First, this very distinctive teaching about ‘baptism by fire’ almost certainly goes back to John the Baptist himself, as mediated by a very early ‘source’ that only Matthew and Luke share in common – termed by the NT scholars ‘Q’ (for Quelle, or ‘source’, in German). Whether there actually was a ‘Q’ text (and thus a ‘Mr Q’, so to speak) or simply an oral tradition with some rather particular theological interests, is perhaps neither here nor there; but what’s interesting is that it preserves this very striking dimension of John’s teaching on judgement, the Holy Spirit, baptism, and fire. Moreover, we find in later Christian tradition that only certain, quite spiritually demanding, writers and circles particularly take up this fiery theme seriously in relation to baptism and the Holy Spirit:  slightly outré monastic groups associated with fiery ecstatic prayer on the edges of the Greek Empire in the fifth century (represented in the so-called ‘Macarian Homilies’); or the wonderfully creative Syriac-speaking monk in the early 6th century who illustrated the so-called ‘Rabbula gospels’ with a picture of Jesus’s baptism by John with a sheet of flame descending on Christ alongside the dove; or – supremely and much later in the Western tradition – the teaching of St John of the Cross, that to aspire to ‘union’ with Christ, as all Christians should, in his view – is to be thrown into a crucible of purifying flames, to be burnt up in order for our sins to be spat out, just as imperfections in a log are gradually ejected in the fire, so that our one, imperfect chunk of wood may finally be fused into the consuming fire of God’s love.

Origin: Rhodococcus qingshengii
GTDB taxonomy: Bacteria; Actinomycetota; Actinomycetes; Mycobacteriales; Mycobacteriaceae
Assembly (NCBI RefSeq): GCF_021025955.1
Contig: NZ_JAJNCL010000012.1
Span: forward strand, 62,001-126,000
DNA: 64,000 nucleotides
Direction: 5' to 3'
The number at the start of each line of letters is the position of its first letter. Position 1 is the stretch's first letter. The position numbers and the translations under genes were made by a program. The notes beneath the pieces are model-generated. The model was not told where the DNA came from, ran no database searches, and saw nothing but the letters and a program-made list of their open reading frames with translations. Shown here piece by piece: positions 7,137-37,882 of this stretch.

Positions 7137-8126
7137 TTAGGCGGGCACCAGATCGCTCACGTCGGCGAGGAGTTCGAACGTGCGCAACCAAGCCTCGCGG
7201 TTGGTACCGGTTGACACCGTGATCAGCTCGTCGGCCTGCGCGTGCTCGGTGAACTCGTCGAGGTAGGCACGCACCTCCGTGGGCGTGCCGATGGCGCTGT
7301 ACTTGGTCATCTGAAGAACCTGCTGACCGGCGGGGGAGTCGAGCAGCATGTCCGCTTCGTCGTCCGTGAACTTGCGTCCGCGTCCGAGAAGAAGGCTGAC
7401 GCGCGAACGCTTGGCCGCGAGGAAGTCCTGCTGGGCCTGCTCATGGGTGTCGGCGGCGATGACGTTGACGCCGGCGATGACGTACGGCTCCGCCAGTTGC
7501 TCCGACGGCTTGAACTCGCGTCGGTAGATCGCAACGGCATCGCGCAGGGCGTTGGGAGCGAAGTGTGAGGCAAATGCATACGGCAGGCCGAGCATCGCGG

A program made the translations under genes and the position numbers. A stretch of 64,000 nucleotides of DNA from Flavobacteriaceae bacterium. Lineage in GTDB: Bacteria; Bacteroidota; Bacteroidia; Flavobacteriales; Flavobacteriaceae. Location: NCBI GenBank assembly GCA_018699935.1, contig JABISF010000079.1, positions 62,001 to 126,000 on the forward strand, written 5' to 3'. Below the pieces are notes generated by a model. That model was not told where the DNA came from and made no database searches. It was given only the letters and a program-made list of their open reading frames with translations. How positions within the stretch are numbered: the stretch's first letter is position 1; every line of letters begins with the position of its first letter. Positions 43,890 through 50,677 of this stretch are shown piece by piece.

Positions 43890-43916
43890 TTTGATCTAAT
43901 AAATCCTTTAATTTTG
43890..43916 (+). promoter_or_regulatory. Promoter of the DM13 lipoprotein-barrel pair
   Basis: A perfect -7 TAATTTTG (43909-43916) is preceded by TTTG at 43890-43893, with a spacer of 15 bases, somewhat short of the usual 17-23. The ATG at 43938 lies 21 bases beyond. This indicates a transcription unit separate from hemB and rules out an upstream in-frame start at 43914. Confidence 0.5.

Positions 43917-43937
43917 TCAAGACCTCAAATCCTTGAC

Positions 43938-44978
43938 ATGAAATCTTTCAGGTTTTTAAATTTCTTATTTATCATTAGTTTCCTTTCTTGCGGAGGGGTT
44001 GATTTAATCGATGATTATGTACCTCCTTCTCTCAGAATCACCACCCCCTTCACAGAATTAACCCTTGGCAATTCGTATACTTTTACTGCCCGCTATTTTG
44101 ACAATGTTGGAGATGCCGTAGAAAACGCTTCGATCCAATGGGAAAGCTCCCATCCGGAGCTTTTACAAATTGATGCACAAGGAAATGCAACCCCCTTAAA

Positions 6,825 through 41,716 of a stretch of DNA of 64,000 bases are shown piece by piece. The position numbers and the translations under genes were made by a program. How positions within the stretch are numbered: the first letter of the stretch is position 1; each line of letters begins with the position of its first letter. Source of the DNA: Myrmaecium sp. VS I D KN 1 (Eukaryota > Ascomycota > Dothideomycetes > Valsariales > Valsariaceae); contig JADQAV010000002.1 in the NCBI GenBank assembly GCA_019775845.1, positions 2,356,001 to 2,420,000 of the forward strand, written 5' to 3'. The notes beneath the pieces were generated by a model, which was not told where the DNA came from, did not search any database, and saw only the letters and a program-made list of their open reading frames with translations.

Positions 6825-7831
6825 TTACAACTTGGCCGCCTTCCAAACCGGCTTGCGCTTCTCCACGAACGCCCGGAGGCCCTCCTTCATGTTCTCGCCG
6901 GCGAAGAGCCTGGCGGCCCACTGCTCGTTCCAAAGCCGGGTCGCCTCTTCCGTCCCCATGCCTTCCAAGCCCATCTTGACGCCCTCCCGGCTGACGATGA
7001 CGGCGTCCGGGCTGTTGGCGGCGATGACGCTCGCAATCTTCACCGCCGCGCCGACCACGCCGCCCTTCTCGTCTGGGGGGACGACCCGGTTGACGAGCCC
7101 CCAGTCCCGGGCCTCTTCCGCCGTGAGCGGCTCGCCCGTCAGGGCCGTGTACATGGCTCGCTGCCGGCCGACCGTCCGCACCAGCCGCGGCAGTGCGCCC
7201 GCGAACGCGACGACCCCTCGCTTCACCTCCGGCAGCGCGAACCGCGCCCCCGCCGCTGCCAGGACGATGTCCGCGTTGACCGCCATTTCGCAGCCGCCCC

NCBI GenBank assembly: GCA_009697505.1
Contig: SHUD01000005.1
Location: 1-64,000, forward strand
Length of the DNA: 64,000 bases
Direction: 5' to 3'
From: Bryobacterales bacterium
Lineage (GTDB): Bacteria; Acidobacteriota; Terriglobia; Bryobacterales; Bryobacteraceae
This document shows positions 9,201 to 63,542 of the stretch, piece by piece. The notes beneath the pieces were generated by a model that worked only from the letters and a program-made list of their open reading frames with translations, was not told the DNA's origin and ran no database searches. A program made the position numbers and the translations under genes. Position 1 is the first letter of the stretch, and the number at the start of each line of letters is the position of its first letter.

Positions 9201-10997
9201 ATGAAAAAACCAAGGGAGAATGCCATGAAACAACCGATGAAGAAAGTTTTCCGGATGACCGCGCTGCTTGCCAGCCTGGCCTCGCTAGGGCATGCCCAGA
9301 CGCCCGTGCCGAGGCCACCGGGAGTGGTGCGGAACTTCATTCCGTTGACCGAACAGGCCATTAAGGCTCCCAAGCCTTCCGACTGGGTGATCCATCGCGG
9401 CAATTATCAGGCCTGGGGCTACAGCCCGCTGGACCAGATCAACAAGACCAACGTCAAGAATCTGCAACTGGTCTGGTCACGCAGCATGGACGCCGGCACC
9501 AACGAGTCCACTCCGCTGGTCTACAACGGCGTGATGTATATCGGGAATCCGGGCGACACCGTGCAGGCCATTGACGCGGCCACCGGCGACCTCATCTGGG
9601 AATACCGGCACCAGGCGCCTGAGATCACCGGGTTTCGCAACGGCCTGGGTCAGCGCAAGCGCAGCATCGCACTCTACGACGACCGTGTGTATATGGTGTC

So, secondly, why is this distinctive teaching about transformative, purgative, baptismal, fire-in-the-Spirit so hard for us to take on, even now? Let me suggest that it is because we have over the years concocted an idolatry which American Episcopalians are perhaps particularly subject to (though we are by no means alone); and that is the very subtle idolatry of enunciating God’s (so-called) ‘unconditional love’ as an easy and ‘cheap grace’ answer to all problematic theological questions relating to the profundity of our own sin; in short we cannot stand to acknowledge our overwhelming need for repentance and ‘fiery’ transformation-in-the-Spirit. So perhaps we should now code-name this subterfuge the theory not of ‘unconditional love’, but of ‘unconditional lurve’; and I think you know what I mean:  the idea has become a sentimental and self-deluding mantra, a refusal to face precisely what John the Baptist meant when he preached that the Holy Spirit of Jesus’s baptism is fire. ‘It is a fearful thing to fall into the hands of the living God’; and that is precisely because it cannot leave us unchanged, but burnt, moulded, chastened, reformulated, and purified … if, that is, we will cooperate with the fiery power of the Spirit in our lives. We need repentance, we need sacramental confession, we need deepened prayer, we need to be changed. William Temple, later Archbishop of Canterbury in the WWII years, put it thus, in his celebrated and fearless book, Christus Veritas (1924), chastising those who, even in those days, underplayed the reality and destructiveness of sin: ‘there is a real antagonism of God’, he writes, ‘against the sinner so long as he continues in his sin. It is true, of course, that God loves the sinner while He hates the sin. But that is a shallow psychology which regards the sin as something merely separate from the sinner, which he can lay aside like a suit of clothes. My sin is the wrong direction of my will; and my will is just myself so far as I am active. If God hates the sin, what He hates is not an accretion attached to my real self; it is myself, as that self now exists. He knows I am capable of conversion … He loves me even while I sin … but it cannot be said too strongly that there is a wrath of God against me as sinning …. And therefore, though he longs to forgive, He cannot do so unless my will is turned from its sinful direction into conformity with His, or else there is at work some power which is capable of effecting that change in me’ (p. 258). Yet that power, of course, as we now see, is precisely the inexorably fiery power of the Holy Spirit, already given to us in our baptism.